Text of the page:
The words capture events of the past, present future encapsulating the ideals and principles of equality, freedom and democracy.
The Inspirational Words of the Gettysburg Address Text: Meaning and Impact
The patriotic words of the Gettysburg Address text were written by President Abraham Lincoln. He started to write the speech the day before his arrival in Gettysburg. He then toured the site of the battlefield and was moved to write additional entries further emphasizing the solemn dedication of the cemetery to the honored dead. His words in the patriotic Gettysburg Address text aroused a strong impact and a highly emotional response from the audience. The impact of the words had the effect of emphasizing the Union cause of the Civil War and emphasizing the previous struggle of citizens who fought for liberty, equality and freedom in the American Revolution and the endurance of these ideals. The words of the Gettysburg Address text were so powerful that they inspired the nation at the time - and continues to inspire people today.
Full Gettysburg Address Text
The original, full Gettysburg Address Text is as follows, read this first and then go to our line by line text breakdown, meaning and analysis of the words:
Four score and seven years ago our fathers brought forth on this continent a new nation, conceived in liberty, and dedicated to the proposition that all men are created equal.
Now we are engaged in a great civil war, testing whether that nation, or any nation so conceived and so dedicated, can long endure. We are met on a great battlefield of that war. We have come to dedicate a portion of that field, as a final resting place for those who here gave their lives that that nation might live. It is altogether fitting and proper that we should do this.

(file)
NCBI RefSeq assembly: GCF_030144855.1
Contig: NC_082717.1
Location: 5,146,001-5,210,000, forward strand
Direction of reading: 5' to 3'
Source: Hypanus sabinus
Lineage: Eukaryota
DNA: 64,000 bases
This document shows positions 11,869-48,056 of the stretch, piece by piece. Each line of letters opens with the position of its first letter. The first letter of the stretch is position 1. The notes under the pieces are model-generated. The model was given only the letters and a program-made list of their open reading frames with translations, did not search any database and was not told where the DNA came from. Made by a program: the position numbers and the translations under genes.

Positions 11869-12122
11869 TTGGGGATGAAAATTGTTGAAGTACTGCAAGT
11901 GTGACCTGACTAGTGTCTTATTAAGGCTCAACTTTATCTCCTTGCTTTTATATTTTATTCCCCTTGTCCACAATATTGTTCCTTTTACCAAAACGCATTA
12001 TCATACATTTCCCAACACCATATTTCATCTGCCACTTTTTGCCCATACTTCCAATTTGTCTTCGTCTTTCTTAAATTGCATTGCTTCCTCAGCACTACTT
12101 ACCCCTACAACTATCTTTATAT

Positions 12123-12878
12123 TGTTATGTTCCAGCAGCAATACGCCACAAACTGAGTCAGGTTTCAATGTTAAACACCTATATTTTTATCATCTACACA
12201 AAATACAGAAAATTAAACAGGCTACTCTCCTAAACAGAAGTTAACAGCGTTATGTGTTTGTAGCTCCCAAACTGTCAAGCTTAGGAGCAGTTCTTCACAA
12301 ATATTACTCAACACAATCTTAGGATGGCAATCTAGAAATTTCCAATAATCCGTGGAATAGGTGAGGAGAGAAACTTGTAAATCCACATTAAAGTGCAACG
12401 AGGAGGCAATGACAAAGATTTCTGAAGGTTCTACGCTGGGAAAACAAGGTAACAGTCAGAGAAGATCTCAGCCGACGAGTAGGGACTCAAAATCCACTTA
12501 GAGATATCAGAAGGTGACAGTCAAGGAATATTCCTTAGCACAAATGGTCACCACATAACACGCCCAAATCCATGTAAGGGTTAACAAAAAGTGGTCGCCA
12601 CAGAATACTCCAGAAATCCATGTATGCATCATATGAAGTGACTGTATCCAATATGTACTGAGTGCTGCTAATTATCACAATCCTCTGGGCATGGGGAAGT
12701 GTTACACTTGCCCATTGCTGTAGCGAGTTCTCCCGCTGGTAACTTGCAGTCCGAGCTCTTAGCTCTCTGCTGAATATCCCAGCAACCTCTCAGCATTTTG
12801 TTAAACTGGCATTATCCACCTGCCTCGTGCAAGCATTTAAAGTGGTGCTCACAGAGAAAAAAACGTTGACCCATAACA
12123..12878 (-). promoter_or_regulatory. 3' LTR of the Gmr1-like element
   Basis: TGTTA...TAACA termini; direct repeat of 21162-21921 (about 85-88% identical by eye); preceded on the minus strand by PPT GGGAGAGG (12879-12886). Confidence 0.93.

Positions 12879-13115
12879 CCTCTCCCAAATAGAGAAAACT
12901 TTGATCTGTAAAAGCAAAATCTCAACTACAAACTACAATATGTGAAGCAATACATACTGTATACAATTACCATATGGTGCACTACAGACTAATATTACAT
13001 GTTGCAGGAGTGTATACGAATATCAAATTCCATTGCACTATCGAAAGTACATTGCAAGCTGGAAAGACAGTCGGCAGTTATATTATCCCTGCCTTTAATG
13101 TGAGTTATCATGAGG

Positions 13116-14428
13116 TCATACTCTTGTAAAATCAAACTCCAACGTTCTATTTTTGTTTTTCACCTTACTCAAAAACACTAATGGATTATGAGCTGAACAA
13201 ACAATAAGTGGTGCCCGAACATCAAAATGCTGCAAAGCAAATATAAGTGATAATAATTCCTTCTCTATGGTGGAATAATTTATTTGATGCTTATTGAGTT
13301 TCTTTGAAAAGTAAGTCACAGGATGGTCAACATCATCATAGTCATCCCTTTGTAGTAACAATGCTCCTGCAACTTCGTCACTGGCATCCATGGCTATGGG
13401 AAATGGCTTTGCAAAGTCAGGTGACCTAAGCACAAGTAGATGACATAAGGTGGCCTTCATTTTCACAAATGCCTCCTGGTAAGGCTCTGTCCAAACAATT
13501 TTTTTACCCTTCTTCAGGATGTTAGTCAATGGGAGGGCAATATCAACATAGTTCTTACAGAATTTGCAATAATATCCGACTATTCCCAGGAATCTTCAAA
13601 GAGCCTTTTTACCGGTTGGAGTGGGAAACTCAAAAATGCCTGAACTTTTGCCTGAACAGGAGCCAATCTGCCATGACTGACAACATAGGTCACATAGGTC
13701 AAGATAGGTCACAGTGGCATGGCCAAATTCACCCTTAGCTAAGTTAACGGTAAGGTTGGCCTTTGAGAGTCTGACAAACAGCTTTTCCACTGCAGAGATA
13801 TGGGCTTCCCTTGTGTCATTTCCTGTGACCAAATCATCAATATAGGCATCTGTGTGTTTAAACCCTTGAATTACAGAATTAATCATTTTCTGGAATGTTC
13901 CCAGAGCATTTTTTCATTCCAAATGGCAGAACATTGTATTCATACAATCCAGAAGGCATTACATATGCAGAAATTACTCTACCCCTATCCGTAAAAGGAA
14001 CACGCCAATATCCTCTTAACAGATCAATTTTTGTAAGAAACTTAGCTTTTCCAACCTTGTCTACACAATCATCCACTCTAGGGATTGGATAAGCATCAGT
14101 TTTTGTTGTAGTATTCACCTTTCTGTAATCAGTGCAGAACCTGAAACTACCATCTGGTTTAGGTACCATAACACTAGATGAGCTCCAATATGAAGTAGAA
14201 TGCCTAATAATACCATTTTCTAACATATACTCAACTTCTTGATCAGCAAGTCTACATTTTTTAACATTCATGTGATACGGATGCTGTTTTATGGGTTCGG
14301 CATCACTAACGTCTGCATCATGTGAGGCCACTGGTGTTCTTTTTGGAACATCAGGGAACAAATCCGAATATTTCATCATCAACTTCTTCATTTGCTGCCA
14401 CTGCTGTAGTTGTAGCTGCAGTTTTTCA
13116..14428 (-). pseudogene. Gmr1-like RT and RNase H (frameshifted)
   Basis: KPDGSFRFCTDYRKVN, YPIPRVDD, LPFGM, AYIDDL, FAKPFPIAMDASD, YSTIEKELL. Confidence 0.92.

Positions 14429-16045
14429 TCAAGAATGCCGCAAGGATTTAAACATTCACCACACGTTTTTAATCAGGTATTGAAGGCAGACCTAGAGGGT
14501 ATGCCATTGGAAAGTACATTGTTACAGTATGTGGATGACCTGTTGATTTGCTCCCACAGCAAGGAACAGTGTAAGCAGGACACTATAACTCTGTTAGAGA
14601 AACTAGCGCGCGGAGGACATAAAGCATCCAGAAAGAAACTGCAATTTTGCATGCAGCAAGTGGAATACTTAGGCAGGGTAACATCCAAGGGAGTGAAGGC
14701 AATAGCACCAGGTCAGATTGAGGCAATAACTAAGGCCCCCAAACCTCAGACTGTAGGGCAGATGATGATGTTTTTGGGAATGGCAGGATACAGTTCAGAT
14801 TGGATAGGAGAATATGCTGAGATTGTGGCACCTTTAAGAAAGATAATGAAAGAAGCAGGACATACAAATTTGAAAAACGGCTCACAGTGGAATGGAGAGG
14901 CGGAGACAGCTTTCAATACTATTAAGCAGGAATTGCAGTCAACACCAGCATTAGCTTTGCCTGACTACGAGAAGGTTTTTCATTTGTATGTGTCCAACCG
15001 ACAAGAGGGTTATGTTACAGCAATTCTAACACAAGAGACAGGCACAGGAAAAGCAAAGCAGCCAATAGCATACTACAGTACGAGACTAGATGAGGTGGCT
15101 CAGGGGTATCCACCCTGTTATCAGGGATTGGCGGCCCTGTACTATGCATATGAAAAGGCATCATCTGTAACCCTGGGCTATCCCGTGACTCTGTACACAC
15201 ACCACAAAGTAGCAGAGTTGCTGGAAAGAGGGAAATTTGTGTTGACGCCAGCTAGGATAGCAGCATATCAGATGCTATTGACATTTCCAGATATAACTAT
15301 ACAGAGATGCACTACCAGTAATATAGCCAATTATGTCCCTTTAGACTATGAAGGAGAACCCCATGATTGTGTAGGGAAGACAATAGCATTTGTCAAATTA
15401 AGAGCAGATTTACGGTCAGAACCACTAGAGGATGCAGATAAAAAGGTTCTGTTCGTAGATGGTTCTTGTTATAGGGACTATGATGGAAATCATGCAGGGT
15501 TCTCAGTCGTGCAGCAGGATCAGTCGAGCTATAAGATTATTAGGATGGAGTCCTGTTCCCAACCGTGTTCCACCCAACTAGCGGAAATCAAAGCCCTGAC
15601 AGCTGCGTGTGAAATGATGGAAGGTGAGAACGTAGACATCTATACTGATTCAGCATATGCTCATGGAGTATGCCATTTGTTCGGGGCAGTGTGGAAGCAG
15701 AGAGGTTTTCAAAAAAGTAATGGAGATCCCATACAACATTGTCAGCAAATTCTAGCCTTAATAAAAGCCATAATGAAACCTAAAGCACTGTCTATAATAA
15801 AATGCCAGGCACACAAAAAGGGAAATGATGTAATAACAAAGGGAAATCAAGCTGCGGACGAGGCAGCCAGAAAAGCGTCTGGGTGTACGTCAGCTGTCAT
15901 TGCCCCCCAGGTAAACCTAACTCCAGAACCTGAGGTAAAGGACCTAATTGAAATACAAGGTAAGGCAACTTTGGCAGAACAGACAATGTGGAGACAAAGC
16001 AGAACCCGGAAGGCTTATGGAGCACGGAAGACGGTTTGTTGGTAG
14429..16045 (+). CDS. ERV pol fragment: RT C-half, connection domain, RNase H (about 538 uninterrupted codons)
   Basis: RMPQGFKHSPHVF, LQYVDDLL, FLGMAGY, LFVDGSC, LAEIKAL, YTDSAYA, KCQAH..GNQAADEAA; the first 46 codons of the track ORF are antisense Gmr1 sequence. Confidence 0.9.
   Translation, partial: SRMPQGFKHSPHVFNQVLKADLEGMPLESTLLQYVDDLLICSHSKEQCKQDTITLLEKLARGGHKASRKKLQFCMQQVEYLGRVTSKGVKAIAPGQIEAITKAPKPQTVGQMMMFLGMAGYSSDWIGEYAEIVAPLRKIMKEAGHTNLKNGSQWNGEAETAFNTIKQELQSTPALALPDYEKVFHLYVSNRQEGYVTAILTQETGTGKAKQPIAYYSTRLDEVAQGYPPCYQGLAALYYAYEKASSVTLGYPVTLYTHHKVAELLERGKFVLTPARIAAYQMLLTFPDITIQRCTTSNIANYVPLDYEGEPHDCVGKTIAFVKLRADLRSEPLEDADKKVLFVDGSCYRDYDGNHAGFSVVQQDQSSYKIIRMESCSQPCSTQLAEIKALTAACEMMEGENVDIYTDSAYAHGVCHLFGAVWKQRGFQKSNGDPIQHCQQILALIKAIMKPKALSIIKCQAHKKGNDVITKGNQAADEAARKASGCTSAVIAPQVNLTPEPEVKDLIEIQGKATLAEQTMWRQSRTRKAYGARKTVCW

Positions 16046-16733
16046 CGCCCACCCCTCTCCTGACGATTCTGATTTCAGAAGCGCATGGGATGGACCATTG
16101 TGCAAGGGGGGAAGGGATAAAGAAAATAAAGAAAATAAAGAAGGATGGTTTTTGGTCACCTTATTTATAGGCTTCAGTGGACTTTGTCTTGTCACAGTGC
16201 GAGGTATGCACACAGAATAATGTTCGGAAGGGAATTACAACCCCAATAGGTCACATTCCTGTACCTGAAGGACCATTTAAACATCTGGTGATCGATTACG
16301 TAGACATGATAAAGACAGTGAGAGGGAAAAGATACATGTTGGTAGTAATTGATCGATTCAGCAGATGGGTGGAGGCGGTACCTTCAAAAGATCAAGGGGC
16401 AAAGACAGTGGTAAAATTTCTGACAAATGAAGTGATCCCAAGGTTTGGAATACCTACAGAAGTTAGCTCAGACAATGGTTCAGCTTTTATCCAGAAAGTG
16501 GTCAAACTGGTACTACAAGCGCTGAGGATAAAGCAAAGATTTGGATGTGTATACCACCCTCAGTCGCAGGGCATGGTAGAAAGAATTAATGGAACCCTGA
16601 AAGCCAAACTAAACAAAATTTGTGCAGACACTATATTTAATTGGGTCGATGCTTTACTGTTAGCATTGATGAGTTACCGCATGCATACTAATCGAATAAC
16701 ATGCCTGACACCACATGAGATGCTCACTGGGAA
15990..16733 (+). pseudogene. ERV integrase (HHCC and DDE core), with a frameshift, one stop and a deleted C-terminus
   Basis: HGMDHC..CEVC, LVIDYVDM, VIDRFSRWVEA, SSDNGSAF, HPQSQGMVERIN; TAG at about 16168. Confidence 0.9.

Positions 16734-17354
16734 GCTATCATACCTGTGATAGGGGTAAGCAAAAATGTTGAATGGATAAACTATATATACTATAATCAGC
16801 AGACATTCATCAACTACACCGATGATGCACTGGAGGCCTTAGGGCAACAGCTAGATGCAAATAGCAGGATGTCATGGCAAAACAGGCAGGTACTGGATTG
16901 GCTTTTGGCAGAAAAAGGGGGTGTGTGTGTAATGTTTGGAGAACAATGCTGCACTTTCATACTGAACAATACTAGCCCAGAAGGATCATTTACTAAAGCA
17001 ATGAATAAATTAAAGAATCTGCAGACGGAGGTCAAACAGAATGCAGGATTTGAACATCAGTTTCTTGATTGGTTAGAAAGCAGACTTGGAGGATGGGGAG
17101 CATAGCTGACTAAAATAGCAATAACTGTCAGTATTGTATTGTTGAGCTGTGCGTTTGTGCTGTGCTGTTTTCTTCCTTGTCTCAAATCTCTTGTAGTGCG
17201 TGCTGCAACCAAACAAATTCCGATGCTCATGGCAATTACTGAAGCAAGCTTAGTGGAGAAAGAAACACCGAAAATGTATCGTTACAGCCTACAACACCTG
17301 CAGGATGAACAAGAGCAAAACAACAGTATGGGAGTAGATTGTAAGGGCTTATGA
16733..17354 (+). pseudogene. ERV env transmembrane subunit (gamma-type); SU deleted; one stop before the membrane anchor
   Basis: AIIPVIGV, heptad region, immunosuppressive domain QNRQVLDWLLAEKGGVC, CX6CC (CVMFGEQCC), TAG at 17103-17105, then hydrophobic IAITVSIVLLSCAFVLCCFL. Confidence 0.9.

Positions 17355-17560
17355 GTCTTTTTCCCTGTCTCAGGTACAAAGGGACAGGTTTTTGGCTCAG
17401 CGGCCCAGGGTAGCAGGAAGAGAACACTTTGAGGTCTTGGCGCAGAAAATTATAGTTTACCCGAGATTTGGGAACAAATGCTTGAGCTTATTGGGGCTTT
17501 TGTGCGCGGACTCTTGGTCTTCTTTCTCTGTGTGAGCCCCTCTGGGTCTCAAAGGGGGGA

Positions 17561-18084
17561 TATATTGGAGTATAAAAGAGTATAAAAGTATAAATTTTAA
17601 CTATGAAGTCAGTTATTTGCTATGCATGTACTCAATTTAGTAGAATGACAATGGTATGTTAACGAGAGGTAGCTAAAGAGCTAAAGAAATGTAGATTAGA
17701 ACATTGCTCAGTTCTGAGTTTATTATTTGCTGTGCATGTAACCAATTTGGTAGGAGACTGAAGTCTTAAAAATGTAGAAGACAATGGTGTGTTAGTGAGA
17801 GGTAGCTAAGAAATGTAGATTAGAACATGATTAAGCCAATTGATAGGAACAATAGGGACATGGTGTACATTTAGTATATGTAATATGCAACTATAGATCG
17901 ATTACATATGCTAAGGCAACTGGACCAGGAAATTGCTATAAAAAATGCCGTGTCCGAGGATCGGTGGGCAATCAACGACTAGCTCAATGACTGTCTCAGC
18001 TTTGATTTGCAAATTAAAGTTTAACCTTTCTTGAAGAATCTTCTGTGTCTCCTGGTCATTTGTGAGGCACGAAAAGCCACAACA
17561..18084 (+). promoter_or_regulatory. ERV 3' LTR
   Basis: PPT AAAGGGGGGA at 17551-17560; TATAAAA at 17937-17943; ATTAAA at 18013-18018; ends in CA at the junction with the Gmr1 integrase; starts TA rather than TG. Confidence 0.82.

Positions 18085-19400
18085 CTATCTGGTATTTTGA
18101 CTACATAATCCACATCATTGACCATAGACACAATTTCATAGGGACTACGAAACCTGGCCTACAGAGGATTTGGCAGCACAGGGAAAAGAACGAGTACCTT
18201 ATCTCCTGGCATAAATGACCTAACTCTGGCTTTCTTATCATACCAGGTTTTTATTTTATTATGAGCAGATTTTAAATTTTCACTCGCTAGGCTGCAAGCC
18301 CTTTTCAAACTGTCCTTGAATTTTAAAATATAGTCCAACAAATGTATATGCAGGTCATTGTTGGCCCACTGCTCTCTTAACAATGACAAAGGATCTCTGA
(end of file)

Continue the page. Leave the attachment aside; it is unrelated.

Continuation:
But, in a larger sense, we can not dedicate, we can not consecrate, we can not hallow this ground. The brave men, living and dead, who struggled here, have consecrated it, far above our poor power to add or detract. The world will little note, nor long remember what we say here, but it can never forget what they did here. It is for us the living, rather, to be dedicated here to the unfinished work which they who fought here have thus far so nobly advanced. It is rather for us to be here dedicated to the great task remaining before us—that from these honored dead we take increased devotion to that cause for which they gave the last full measure of devotion—that we here highly resolve that these dead shall not have died in vain—that this nation, under God, shall have a new birth of freedom—and that government of the people, by the people, for the people, shall not perish from the earth.
Gettysburg Address Text: Poetic Prose and Allusion
The Gettysburg Address text is more of like a piece of poetic prose than a political speech. Prose poetry combines the characteristics of poetry, conveying ideas and emotional experiences, but lacks words that rhyme or a specific rhythm. Prose creates heightened imagery and emotional effect. The use of imagery heightens the impact of the words to the text. President Lincoln makes use of Allusions in the words of the Gettysburg Address text. Because allusions make reference to something other than what is directly being said, it is easy to miss an allusion, or fail to understand an allusion if you do not know the underlying story or reference point. This is why so many people ask "What is the Meaning of the Gettysburg Address Text?"
Gettysburg Address Text: What is the Meaning of the Gettysburg Address Text?
The easiest way to understand the allusions in and the meaning of the Gettysburg Address Text is to go through the speech line by line - you will be amazed at the extent of the meaning behind words and understand why the words and text in the speech known as the Gettysburg Address is recognized as an extraordinary piece of prose poetry and example of allusion and why it remains one of the most famous speeches ever delivered in the United States of America, and the world.